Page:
Last year on these pages I did a review of the Avid Symphony. Long story short, I loved it. Killer box! In the course of that review I talked to a top Avid reseller, Mike McDonald of the Midwest Media Group. Mike's words: "Here's something we've learned about Avids. You think a Symphony is a Symphony but it's not. It's a whole bunch of software and hardware working together. Every Avid system is built of components and 90% of the systems that come through here have an issue, there's something glitchy, something wrong." That's why resellers set up every system and burn it for a while before shipping. "When everything appears be working right, then we ship it," Mike explains. "Once you get them running they run forever." OK, now, that's a turnkey system that, storage -- everything -- can run six figures. Now, let's talk about FCP and XDV. These companies don't know your processor speed, how much RAM you could afford or whether you're still running Hypercard 1.0 for the Zip Code finder your brother wrote in '92. People, there are going to be problems. I had them with both programs. To the credit of both Apple and Avid, they're working on it. I now have both running smoothly (mostly) on my system. The only caution I would offer is, if you intend to run them both, don't run them at the same time and switch back and forth a lot. They don't like that. Can you say Kernel Panic?

Still, if I'm going to crash, I like to crash on FCP better. Both systems autosave at user--specified intervals. Being long on memory and short on confidence, I have mine set to autosave at seven minutes. Avid stores previous saves in the "Attic." FCP uses its "Autosave Vault." In order to restore an Avid project to an earlier version you follow the 12-step instructions in the User's Guide. In order to retrieve and earlier version of your FCP project you can do one of three things. If you're willing to go back to your last hard save, click on Revert in the File menu. If you want something more recent, click on Restore and all the most recent autosaves are offered in a pulldown menu.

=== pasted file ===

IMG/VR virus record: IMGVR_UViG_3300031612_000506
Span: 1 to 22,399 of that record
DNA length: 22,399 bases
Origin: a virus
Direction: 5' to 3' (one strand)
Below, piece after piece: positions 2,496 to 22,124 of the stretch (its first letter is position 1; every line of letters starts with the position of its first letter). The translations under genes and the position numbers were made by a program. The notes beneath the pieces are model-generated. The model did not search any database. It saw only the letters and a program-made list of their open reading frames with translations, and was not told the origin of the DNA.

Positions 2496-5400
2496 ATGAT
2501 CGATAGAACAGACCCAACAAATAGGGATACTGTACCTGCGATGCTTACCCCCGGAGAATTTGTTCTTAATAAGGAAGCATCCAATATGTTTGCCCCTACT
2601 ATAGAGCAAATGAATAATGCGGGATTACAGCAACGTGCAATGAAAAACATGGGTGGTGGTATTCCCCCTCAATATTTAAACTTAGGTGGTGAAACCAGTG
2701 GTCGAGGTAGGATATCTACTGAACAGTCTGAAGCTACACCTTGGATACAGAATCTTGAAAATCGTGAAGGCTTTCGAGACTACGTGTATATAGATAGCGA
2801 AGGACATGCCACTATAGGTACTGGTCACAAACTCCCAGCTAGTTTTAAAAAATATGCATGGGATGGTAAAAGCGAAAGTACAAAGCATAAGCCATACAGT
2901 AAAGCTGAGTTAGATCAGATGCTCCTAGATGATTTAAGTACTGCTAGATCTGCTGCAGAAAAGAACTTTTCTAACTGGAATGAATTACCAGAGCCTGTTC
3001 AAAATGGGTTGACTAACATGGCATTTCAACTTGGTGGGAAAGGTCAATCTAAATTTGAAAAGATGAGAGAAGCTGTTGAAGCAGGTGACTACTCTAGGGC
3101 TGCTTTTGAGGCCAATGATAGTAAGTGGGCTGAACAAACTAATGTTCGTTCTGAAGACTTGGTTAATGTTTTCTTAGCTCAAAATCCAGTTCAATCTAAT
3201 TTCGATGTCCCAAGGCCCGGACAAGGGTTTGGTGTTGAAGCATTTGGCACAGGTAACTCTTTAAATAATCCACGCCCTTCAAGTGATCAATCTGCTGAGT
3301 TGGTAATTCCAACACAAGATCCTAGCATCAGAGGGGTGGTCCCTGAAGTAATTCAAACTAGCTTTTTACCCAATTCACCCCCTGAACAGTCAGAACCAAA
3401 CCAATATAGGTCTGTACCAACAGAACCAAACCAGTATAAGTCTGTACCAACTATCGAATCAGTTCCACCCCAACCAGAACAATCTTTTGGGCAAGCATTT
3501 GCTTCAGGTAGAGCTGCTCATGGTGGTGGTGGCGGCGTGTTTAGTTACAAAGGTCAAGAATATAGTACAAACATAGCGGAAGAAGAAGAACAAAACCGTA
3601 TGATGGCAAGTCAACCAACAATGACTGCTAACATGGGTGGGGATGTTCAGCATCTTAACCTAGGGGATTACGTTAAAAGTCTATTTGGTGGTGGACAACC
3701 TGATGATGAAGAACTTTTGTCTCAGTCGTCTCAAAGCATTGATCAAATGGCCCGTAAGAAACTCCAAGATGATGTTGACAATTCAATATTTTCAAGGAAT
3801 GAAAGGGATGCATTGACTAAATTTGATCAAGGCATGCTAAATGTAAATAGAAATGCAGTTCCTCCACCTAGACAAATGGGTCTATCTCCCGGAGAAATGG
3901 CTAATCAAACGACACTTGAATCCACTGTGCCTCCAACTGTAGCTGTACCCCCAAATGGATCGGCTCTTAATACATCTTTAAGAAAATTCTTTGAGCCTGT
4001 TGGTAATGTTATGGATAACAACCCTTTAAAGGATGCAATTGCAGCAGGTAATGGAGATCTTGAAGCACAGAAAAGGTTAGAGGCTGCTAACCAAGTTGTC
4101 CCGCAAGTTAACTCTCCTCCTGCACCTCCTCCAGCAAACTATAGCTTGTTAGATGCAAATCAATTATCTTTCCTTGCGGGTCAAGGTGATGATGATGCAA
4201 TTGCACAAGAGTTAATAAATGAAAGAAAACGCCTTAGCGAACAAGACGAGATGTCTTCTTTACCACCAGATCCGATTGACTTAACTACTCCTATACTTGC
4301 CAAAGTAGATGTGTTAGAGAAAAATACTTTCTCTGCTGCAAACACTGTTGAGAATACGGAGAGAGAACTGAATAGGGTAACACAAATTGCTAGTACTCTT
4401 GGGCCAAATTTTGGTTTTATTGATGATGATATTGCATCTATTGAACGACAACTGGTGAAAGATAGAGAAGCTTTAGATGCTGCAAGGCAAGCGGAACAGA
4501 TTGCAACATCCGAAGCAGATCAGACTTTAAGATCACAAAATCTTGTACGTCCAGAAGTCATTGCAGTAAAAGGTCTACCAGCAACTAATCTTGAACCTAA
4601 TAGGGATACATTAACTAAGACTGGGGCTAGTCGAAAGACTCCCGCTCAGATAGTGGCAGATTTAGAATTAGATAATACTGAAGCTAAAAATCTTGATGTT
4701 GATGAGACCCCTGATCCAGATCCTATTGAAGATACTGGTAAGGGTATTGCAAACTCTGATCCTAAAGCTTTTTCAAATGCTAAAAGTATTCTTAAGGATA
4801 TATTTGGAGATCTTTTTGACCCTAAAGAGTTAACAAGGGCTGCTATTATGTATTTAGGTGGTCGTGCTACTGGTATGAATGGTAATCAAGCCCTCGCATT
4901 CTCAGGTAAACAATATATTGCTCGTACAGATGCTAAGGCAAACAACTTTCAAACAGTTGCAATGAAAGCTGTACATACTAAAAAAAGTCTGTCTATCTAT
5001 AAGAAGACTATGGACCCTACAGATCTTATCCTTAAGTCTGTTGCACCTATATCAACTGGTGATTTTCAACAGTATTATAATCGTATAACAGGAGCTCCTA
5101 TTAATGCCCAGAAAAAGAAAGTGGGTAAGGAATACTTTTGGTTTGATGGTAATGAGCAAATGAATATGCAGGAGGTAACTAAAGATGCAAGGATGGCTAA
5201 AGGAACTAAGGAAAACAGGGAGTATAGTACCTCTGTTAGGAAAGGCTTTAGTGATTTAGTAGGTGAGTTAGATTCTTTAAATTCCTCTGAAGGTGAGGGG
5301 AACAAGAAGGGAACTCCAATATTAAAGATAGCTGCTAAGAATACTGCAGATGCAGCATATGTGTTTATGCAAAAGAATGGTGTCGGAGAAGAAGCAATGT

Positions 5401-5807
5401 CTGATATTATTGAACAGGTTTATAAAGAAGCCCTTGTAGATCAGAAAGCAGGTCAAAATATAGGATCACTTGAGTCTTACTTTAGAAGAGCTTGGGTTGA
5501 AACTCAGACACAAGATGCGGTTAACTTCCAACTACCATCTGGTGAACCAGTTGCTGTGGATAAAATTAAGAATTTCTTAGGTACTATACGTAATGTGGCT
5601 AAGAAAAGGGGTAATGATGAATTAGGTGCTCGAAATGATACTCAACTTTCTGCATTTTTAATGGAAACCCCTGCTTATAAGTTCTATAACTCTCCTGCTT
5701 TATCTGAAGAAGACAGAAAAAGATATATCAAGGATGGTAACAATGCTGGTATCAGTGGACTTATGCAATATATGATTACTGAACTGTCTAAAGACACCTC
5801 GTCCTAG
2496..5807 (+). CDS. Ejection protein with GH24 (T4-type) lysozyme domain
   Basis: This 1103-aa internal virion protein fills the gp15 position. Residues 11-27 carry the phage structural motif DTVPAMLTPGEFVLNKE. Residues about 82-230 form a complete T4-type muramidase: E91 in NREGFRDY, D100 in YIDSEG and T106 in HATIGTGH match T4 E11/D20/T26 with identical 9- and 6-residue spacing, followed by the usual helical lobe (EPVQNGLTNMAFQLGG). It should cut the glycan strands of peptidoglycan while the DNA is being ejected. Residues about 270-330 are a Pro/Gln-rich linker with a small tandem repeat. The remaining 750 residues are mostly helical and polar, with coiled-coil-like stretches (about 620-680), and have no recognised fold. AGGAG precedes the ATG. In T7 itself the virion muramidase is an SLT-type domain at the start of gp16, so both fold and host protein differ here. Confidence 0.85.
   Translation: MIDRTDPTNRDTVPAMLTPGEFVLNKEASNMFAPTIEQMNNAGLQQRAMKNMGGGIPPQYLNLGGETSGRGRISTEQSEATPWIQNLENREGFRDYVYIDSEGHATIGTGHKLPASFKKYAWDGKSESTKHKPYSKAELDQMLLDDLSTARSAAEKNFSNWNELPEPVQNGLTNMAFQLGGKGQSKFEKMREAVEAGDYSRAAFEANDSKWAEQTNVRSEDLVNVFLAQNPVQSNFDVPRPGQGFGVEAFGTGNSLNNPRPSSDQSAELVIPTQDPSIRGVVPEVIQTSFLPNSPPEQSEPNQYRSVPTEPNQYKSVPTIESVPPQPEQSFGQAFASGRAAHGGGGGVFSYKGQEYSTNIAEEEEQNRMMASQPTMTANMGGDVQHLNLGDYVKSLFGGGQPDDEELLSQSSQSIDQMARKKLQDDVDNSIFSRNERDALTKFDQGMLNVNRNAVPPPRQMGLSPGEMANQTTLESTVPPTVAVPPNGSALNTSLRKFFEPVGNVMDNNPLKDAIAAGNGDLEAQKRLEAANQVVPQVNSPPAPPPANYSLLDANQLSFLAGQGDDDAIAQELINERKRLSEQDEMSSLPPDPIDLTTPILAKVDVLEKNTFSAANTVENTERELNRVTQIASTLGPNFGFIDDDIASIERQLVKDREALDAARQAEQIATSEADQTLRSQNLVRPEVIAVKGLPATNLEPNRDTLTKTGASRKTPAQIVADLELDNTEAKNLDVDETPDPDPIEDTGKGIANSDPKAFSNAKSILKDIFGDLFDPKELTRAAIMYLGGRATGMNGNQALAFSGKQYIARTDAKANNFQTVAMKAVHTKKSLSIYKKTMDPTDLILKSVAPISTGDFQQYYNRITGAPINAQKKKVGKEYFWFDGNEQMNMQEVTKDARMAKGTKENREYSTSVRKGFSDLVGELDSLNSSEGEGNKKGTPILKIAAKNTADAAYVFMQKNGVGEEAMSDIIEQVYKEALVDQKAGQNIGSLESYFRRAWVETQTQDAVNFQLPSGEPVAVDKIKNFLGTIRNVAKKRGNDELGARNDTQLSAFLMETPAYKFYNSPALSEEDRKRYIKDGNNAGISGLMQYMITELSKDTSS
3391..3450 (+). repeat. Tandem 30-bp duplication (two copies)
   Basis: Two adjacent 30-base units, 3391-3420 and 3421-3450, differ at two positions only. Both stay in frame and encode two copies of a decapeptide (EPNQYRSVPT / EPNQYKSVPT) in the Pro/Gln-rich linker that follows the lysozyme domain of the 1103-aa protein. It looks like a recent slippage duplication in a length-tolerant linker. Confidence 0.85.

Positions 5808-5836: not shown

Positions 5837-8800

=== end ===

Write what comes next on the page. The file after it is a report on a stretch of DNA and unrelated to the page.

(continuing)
Final Cut Pro restore dialog box
Final Cut Pro restore dialog box

Another method is to visit the Autosave Vault in your Finder and double-click on the most recent version. It'll open right up. As a matter of fact, if you're not sure how far back you want to go, double-click on the last three or four versions. They'll all open simultaneously under separate tabs in the Browser! When I first started editing FCP there was a Dual Processor issue (now corrected) that caused frequent crashes. I can honestly say that for all the crashes I barely lost fifteen minutes of work, total! I did however have a day scared off my life every time I saw the interface disappear.